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Spring Is Here – Animated Poem Video

Teach Starter Publishing
1 min | Grades: 1 - 3

Use this spring poem with your students to welcome in the season of springtime.

Welcome Spring with a Spring Poem!

As animals raise their sleepy heads,
And blossoms burst from flower beds,
Nature starts to raise a cheer.
Winter’s over, spring is here!

If you’re looking for a poem about spring to welcome in the season of new life and new beginnings, look no further than Teach Starter’s animated poem, Spring Is Here! This beautiful poem written by Emma Stuart truly encompasses the beauty and magic of springtime. As the students watch, they can read along with the words on the screen, guided by the narration. This captivating experience combines visual and auditory elements, creating an immersive learning journey.

Use this spring poem with your students to foster a love of the season of spring while also teaching key elements of poetry such as rhyme, rhythm and imagery. 

Activity Ideas for This Poem About Spring

This animated poem video can be used to support various learning activities in your classroom. Here are some ideas you might like to consider when planning your next poetry lesson:

  1. Exploring Rhyme – The poem Spring Is Here is rich with rhyming words that enhance the musicality of the language. Use this video as an engaging way to introduce and reinforce the concept of rhyme. After watching, encourage students to identify rhyming pairs and create their own rhyming words related to spring.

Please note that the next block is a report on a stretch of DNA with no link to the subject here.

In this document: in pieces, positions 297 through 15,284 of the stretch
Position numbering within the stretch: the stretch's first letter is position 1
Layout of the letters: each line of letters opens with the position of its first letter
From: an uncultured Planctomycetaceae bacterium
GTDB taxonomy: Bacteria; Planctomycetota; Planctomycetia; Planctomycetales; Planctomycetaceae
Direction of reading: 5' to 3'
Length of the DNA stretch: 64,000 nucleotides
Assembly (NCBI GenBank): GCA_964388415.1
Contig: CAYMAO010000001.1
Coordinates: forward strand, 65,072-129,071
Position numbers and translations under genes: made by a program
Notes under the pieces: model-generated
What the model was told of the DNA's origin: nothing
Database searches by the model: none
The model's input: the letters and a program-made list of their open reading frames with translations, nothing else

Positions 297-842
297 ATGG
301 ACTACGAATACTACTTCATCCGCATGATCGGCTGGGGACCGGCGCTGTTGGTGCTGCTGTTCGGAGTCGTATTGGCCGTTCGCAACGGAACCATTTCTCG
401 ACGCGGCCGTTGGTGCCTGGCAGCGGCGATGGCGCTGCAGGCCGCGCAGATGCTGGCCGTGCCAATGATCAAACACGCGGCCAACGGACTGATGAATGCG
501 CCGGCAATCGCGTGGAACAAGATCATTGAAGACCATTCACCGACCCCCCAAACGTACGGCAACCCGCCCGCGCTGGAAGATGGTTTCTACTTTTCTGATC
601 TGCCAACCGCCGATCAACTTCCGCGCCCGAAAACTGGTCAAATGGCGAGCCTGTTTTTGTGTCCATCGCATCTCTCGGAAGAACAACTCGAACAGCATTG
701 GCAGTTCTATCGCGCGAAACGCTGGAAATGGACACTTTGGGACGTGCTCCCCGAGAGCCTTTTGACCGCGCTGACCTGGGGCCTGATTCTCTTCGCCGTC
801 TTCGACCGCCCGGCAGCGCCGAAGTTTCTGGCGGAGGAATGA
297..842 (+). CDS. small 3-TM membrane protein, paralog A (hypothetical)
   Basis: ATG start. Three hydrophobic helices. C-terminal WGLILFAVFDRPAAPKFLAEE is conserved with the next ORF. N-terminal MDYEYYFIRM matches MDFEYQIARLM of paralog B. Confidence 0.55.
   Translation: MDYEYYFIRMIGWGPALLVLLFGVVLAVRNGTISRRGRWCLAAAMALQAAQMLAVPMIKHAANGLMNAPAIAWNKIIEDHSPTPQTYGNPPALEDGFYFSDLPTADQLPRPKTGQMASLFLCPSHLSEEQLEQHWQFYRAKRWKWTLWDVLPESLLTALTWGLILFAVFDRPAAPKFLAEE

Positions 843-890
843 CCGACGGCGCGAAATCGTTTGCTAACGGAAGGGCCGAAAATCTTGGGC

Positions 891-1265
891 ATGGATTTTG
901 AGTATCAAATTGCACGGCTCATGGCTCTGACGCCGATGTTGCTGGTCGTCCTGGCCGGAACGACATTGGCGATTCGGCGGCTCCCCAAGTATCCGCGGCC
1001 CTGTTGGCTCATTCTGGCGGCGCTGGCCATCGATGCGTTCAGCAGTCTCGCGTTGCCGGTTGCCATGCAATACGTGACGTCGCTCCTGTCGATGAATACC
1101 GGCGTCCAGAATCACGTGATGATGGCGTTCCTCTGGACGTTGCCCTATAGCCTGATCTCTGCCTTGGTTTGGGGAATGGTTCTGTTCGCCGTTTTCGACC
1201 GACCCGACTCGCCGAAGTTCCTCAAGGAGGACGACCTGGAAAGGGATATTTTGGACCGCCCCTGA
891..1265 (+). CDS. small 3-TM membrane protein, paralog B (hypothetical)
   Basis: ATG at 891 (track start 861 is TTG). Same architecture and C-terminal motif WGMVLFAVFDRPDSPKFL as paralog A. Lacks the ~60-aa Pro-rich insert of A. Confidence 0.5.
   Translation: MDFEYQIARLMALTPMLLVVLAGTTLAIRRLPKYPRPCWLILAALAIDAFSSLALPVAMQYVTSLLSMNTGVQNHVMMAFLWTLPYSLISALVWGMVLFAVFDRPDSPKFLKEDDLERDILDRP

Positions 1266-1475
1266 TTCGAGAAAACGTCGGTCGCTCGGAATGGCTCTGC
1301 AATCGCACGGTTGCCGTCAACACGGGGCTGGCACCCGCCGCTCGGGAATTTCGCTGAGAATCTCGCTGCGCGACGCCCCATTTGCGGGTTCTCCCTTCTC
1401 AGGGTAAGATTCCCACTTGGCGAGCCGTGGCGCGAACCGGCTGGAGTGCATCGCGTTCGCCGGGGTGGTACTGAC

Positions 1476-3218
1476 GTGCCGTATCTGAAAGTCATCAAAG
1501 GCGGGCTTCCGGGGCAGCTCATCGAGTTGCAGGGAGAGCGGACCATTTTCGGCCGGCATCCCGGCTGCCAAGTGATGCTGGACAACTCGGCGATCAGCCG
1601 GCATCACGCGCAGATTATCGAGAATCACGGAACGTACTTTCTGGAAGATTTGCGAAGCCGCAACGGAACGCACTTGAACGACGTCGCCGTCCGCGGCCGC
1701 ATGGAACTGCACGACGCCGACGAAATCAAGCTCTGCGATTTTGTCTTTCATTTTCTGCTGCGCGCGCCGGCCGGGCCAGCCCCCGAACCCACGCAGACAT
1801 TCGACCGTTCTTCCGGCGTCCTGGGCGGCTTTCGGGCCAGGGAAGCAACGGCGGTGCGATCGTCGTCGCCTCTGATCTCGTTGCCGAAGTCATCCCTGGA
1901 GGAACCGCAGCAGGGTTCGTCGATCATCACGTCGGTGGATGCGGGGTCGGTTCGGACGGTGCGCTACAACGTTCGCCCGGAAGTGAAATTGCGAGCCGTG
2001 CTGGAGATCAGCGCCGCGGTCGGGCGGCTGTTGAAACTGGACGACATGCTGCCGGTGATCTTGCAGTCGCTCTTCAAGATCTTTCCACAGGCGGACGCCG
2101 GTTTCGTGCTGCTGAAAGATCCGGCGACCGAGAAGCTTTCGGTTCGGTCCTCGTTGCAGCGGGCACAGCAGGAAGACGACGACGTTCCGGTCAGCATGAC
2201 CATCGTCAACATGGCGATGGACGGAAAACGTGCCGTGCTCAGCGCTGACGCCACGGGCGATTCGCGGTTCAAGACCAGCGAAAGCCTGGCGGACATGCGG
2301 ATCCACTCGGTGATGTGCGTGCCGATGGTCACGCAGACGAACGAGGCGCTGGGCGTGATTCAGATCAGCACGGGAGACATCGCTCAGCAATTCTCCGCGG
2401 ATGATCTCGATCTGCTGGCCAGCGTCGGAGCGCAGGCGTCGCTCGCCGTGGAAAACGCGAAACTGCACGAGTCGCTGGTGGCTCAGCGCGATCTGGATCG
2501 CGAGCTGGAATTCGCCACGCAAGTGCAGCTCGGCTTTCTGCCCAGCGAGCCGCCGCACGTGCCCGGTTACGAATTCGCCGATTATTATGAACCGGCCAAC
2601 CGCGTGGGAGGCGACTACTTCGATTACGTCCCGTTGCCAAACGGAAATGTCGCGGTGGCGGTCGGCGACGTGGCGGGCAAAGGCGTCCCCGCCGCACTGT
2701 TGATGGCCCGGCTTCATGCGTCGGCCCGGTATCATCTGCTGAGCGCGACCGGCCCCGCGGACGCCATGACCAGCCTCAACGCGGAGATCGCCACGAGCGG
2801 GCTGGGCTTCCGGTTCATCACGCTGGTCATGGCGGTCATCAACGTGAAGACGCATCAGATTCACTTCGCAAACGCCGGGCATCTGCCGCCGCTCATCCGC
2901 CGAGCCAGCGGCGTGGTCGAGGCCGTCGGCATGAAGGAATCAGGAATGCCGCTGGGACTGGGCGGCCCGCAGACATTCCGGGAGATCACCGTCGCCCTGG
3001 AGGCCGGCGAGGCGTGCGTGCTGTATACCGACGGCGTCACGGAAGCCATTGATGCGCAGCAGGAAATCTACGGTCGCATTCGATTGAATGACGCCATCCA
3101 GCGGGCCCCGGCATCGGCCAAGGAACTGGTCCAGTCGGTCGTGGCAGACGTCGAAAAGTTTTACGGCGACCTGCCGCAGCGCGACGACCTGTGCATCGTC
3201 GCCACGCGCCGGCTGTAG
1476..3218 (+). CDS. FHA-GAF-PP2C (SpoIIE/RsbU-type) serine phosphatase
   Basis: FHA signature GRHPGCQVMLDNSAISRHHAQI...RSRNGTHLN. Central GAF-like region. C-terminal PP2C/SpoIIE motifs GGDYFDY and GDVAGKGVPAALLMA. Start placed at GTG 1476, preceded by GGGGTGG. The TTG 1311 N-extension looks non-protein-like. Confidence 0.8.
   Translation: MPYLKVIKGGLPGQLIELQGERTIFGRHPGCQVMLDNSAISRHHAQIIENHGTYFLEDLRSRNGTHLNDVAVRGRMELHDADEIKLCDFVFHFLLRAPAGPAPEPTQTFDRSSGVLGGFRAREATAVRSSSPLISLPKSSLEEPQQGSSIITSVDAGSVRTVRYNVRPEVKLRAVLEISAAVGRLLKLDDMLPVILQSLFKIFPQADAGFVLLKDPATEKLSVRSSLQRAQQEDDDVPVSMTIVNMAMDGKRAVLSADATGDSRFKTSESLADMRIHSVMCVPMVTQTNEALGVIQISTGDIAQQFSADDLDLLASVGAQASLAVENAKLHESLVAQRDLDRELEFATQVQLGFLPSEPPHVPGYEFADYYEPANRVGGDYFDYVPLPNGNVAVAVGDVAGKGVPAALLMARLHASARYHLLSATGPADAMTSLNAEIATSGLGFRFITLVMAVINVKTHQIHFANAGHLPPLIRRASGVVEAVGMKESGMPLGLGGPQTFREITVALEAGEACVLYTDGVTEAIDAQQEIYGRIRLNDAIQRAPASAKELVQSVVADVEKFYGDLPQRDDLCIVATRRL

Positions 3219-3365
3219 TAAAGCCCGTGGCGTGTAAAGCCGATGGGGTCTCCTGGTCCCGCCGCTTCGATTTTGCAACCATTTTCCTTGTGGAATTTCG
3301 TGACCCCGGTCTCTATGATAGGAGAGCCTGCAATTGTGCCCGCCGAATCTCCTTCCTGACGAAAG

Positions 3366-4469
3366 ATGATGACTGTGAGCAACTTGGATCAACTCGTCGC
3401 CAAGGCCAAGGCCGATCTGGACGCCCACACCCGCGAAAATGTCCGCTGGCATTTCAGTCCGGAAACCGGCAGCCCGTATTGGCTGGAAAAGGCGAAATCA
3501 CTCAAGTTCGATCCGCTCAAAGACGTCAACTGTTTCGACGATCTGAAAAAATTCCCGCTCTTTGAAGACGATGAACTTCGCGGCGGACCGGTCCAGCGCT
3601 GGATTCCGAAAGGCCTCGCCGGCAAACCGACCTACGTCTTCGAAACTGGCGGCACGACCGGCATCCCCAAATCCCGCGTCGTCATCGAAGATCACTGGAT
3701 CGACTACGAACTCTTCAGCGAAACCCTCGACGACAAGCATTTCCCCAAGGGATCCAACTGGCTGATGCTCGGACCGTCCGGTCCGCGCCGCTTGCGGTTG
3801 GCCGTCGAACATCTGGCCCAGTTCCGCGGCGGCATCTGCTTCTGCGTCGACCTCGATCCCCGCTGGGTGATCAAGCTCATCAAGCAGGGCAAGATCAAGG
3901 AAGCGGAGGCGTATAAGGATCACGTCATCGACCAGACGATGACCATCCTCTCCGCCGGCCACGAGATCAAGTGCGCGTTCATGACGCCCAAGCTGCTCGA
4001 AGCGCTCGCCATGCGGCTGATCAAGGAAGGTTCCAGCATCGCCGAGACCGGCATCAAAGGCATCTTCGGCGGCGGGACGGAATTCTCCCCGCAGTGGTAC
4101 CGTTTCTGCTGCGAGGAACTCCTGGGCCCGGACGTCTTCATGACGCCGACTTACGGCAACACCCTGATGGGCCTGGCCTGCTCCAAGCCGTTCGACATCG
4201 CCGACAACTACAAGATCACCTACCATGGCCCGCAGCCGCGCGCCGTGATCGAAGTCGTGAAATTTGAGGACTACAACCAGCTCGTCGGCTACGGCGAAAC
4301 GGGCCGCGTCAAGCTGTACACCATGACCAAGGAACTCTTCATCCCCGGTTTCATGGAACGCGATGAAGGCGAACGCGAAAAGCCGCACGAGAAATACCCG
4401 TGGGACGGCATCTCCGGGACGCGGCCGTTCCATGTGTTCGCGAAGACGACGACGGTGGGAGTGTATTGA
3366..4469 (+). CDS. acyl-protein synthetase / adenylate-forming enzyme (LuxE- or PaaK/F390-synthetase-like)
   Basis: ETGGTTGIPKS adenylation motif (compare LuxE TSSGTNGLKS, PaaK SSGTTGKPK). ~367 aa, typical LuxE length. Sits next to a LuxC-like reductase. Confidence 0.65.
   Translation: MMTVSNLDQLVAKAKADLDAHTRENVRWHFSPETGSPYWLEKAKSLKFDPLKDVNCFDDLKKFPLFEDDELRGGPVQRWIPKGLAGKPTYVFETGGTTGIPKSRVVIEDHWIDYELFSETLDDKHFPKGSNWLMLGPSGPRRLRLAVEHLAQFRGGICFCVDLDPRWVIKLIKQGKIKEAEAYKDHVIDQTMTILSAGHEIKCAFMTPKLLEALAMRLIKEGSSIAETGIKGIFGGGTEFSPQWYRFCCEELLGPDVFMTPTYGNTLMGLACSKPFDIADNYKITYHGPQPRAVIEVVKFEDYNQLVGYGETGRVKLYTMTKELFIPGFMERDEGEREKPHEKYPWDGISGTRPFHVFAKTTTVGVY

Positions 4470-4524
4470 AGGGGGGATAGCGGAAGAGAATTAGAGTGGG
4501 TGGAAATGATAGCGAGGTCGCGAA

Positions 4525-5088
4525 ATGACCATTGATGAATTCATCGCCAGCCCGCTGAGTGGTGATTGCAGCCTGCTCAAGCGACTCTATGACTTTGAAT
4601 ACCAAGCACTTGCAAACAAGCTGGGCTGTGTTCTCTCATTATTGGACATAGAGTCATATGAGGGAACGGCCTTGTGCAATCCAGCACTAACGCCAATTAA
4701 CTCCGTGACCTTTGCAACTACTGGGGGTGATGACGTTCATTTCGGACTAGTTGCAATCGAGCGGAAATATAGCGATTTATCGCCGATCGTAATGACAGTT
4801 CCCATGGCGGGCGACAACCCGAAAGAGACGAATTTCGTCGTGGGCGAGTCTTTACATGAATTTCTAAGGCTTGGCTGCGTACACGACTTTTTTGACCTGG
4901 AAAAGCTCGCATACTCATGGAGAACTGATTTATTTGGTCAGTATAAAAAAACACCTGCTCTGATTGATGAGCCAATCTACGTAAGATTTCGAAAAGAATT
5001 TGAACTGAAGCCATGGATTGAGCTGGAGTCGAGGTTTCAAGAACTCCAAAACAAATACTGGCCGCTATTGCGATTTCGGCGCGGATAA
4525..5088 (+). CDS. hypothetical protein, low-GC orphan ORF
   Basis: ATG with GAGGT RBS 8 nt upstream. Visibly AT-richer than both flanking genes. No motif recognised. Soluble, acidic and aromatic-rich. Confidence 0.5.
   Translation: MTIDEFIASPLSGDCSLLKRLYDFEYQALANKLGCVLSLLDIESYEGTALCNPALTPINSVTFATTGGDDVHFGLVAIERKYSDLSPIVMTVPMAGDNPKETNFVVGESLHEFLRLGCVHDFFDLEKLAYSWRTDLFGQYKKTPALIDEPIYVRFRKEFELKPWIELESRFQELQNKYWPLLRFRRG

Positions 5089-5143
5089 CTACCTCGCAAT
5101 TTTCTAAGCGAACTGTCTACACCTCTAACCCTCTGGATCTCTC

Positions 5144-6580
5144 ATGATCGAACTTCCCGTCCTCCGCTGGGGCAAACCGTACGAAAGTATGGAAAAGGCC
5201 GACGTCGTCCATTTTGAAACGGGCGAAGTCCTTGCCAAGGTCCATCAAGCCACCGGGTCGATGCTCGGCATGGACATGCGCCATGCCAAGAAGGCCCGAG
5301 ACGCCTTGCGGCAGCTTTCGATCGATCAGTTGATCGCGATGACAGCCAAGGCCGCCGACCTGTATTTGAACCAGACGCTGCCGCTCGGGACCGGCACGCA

2. Rhythmic Awareness – The rhythmic flow of the poem helps students develop an ear for the cadence of language. Discuss the rhythm patterns present in the video and invite students to clap or tap along with the beats. This activity not only enhances rhythmic awareness but also makes learning about meter and rhythm a joyful experience.
  3. Imagery Exploration – Spring Is Here contains multiple examples of imagery that paint vivid pictures of the season. After watching, prompt students to discuss the imagery used in the poem. Encourage them to draw or write about their own imaginative visions of spring, fostering creativity and descriptive language skills.
  4. Poetic Structure – Break down the structure of the poem with your students. Discuss how it is divided into three stanzas and explore the purpose of each stanza. Analyze the use of language, noting the sensory details that contribute to the overall mood.
  5. Performance and Expression – Encourage students to recite the poem aloud, emphasizing expression and tone. This not only helps improve oral communication skills but also allows students to embody the emotions conveyed in the poem.

More Poetry Resources from Teach Starter

If you’re looking for more resources to support your teaching of poetry, you’ve come to the right place! Click below for some more teacher-created, curriculum-aligned resources!

[resource:2659782] [resource:719841] [resource:1756242]


Teach Starter Publishing

Teach Starter Publishing

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